When you have deployed an underwriting engine, that is not the end of the journey. Quite the opposite: it is just the beginning.
You will have done extensive testing before launch to check that the rules are applying the same underwriting philosophy as your human underwriters, so you can rightly have a lot of faith in the original set-up. However, you can’t test absolutely everything – every possible case, every possible scenario – so there is a need to monitor what the engine is doing, and in particular how the rules are working. If something is not quite right, some adjustment needs to be made.
An obvious gauge of automated system performance is the straight-through processing (STP) rate, which is the proportion of cases on which a final underwriting decision is made without any human involvement. Is the STP rate what you planned for? If not, what can be done about it? Maybe not enough rules for the range of disclosures? Or maybe the rules are not making enough final decisions, leading to too many referrals to traditional underwriting?
Sometimes the questions leading through the ‘decision tree’ have not been phrased well enough so that applicants can only go so far and reach what they think is a dead-end; another case for human underwriting then. Or, worse still, the customer and the adviser, if there is one, just gives up and find an alternative insurer.
A good automated system will have an analytics module, perhaps part of a ‘workbench’ or ‘master control panel’ that will give a detailed view of how the tool is performing, for example:
- Which rules are being used, and how often, and which are not
- The decisions each rule is producing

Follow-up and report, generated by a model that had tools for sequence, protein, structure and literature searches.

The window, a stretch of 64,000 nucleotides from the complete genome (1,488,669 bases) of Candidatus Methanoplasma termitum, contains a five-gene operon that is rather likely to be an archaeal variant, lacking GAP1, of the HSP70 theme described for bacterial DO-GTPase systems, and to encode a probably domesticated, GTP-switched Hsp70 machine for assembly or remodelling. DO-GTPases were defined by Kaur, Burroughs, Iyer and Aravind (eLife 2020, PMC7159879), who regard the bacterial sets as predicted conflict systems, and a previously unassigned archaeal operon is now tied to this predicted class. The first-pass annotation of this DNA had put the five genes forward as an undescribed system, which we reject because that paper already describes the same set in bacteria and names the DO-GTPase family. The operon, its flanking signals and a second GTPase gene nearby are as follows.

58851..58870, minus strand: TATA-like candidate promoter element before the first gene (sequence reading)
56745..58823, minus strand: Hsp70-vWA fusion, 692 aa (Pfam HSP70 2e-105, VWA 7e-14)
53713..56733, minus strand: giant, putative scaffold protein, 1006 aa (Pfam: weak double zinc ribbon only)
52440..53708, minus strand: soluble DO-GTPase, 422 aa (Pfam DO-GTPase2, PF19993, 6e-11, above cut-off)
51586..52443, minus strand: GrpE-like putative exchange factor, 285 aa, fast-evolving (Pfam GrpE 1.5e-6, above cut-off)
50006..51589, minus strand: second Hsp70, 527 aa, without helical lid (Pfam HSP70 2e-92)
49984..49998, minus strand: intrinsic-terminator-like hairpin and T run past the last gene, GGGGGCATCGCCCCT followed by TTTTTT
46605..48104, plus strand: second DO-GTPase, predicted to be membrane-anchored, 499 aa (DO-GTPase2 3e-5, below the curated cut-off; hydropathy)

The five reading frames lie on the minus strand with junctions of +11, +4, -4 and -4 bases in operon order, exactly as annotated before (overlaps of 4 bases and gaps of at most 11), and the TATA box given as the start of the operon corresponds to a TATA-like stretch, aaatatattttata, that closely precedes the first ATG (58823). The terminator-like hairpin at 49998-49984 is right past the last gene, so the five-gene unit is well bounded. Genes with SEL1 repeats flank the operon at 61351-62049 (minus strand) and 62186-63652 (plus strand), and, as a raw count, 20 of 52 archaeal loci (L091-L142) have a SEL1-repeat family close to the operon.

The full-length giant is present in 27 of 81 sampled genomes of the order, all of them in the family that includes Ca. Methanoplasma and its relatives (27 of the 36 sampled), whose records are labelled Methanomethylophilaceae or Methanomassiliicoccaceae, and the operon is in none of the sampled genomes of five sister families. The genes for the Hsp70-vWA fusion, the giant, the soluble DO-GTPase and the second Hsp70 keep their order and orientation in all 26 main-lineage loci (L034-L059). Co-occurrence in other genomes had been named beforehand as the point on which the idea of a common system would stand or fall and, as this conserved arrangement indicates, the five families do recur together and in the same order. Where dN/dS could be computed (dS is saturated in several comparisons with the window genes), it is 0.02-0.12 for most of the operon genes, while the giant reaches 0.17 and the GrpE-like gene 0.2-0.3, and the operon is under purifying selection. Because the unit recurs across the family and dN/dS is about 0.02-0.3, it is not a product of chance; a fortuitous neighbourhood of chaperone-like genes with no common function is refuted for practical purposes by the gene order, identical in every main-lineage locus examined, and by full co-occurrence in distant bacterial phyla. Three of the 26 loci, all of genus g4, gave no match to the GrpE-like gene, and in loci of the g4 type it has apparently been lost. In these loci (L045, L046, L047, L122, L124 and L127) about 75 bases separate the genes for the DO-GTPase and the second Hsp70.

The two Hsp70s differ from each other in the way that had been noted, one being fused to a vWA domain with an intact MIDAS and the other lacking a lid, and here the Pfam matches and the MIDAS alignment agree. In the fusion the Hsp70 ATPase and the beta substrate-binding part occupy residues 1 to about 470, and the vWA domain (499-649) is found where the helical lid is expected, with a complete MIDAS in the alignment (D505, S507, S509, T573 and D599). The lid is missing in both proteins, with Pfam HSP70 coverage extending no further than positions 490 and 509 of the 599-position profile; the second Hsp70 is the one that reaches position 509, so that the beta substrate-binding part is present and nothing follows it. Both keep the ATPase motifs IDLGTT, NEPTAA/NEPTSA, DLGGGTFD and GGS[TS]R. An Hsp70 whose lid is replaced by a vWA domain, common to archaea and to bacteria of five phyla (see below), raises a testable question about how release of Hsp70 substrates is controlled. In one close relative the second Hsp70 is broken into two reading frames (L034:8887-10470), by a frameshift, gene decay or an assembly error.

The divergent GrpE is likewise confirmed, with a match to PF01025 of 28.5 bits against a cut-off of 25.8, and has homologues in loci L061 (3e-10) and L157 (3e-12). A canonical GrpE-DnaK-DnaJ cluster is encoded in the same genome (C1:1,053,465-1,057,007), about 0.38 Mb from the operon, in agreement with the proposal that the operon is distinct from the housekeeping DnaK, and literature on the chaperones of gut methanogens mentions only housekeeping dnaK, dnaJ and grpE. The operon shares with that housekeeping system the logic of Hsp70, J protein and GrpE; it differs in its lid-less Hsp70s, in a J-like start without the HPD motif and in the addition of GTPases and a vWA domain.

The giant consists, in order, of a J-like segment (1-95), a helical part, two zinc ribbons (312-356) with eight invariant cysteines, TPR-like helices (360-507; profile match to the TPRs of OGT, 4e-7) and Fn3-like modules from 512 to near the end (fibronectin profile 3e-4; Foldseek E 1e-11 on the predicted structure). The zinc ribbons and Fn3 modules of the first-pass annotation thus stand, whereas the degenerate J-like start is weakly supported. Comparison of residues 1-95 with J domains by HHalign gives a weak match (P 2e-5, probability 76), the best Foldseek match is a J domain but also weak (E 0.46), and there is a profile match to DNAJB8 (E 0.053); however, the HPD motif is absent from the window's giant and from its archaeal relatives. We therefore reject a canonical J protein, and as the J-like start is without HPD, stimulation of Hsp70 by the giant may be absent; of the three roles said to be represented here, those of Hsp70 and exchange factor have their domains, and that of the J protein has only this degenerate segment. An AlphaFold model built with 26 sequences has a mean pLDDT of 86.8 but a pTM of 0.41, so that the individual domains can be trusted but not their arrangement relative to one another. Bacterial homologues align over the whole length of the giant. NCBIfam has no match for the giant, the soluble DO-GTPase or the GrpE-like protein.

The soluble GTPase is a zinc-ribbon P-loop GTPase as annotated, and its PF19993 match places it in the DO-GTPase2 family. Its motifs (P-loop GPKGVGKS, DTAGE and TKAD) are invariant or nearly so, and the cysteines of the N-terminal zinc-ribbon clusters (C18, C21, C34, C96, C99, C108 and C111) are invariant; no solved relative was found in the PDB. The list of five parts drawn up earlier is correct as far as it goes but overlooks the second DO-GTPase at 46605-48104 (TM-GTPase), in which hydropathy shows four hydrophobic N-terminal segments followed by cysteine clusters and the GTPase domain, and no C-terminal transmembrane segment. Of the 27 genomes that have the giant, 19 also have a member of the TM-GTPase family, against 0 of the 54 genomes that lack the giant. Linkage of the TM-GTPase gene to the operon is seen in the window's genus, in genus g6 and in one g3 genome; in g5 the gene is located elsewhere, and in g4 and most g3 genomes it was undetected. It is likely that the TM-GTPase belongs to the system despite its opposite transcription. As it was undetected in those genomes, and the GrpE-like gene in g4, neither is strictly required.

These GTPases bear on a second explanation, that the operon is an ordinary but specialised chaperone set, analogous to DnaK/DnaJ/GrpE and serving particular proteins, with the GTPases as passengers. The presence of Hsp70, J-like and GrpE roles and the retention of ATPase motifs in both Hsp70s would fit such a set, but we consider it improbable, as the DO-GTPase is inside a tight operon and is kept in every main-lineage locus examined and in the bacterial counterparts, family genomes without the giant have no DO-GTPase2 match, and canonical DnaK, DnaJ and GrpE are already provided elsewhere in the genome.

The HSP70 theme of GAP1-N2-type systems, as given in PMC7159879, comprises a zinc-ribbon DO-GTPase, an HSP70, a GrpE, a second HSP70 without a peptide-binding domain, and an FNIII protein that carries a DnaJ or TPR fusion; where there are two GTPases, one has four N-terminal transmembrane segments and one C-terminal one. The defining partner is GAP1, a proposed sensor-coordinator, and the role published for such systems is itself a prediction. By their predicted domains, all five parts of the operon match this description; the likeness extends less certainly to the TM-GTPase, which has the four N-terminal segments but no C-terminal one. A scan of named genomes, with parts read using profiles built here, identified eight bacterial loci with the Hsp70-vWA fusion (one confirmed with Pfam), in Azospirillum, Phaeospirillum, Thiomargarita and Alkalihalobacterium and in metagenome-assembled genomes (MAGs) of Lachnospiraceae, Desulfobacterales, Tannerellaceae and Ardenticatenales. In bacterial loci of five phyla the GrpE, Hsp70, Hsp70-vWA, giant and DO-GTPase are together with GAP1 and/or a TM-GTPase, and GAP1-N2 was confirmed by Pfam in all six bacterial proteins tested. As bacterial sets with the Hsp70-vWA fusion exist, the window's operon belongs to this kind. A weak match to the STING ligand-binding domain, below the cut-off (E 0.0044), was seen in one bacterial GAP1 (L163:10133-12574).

- The time taken to progress through it each time the rule is used – is it overly long?
- Where in the decision tree any ‘drop-outs’ occur
- Which disclosures don’t have a suitable rule and automatically go to manual underwriting.
The need for adjustments does not arise exclusively from rules performance analysis. Sometimes underwriting philosophy changes – maybe a risk factor needs a tougher stance, or can be handled more leniently. On occasion, new risk factors come along – COVID-19 is a good example.
And also, it could be that a rule is effective – that is, it makes the right decisions – but does it do so most efficiently? Could decisions be reached sooner? Are all the questions actually necessary? Different people write rules in different ways and sometimes there is room for improvement. Think about the customer journey and what you can do to make it easy, quick and smooth.
So there is a need to review the performance of the engine and the intelligence within it. But not just once after implementation: it’s an ongoing process. And of course, part of that process involves data analysis. Every input and action of the engine is recorded digitally and these ‘digital diamonds’ are vital to the ongoing success, efficiency and profitability of the business. So regular data analysis, as we have discussed in a previous article, is important to enable a detailed understanding of the business flowing in and the characteristics of the growing portfolio. That analysis is a multi-disciplinary task, and some of the findings and conclusions need to be fed into the rules development programme.
In this ongoing process of rules improvement and development, a small ‘engine maintenance’ team is required to monitor what is going on, make adjustments and develop the rule-set in order to meet the changing needs of the business and the changing risk environment. We have already mentioned new risk factors but what about revisions to the schedule of routine evidence requirements or a new application form wording? The rules in the automated system need to be updated.
Being a member of the rules team is a specialist role, and an interesting one. Not all underwriters have the ability to ‘think rules’ and be able to construct rules that are well worded in language that makes sense to ordinary consumers, and reach the right answers as quickly as possible. And these team members need to have a desire for constant improvement and maybe a lack of contentment with the ‘status quo’. It is potentially a varied role too, with contact with the many stakeholders in the rules and their outcomes, from sales managers through to product and corporate actuaries. Team head is not small role within the underwriting department either, given that automated processing is or will be the dominant method of risk triage and pricing – there’s a lot riding on the engine’s success.
So, there is more to underwriting automation than getting an engine, building a rule-set and deploying it. Remember: ‘launch and leave’ just isn’t an option.